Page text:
When singer Miley Cyrus recently spotted a mysterious drone hovering over her Los Angeles home, she posted video of the aerial intruder on Instagram, complaining that it appeared to be a new tactic by the paparazzi.
The incident, in which Cyrus was photographed in her backyard, was no surprise to Patrick J. Alach. He is legal counsel for the Paparazzi Reform Initiative, a group representing celebrities and others that has persuaded lawmakers to tighten laws governing photography of those he represents.
The use of aerial drones equipped with cameras to catch celebrities at home and in other private places is “a huge concern, especially for public figures who want to have some privacy in their backyards,” Alach said.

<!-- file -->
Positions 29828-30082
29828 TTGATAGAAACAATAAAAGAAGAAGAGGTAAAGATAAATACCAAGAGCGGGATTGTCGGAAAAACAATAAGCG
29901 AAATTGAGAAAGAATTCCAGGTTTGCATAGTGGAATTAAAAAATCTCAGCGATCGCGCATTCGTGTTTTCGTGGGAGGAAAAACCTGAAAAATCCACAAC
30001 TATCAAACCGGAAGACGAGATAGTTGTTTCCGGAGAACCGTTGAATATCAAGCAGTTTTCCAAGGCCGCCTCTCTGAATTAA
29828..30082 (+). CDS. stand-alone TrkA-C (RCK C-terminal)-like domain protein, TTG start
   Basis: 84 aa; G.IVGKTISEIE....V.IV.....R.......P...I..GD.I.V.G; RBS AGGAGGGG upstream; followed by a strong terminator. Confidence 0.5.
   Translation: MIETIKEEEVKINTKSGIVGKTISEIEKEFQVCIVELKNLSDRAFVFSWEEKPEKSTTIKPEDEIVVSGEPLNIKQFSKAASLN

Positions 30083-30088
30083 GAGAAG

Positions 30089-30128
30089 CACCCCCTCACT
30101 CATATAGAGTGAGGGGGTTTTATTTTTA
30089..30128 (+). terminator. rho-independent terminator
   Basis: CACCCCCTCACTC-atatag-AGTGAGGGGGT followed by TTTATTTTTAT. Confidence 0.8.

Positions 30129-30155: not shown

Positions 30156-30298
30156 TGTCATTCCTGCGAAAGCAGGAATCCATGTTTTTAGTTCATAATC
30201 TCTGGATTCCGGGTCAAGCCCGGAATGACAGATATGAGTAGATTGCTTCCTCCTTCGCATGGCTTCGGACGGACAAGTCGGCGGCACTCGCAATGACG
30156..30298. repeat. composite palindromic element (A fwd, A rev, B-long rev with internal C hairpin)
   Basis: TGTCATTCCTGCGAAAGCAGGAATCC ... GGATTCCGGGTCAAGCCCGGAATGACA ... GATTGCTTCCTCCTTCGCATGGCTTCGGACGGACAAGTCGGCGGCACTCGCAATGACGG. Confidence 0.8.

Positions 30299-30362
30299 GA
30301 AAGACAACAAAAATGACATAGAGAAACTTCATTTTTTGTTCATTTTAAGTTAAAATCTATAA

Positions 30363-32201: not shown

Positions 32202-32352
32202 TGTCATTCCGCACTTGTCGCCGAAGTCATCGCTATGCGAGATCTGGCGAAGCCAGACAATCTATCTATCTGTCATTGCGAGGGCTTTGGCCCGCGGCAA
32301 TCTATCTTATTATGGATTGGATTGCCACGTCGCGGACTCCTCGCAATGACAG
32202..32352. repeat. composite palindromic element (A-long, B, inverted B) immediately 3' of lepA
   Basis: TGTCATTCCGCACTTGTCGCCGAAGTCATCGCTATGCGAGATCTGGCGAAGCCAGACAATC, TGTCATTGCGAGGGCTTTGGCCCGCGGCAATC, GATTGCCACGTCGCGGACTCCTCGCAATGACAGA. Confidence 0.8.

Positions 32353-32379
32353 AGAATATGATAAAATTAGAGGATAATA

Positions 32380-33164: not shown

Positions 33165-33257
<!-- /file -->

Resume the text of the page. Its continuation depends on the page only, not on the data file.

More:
A proposal pending in the Legislature would prohibit the use of aerial drones to collect video, photos and audio from celebrities and others in a way that violates their privacy rights.
The concentration of entertainment-industry figures and paparazzi in California has led to other restrictions on photographers. One enacted last year made it illegal to photograph a celebrity’s son or daughter without consent if it causes substantial emotional distress.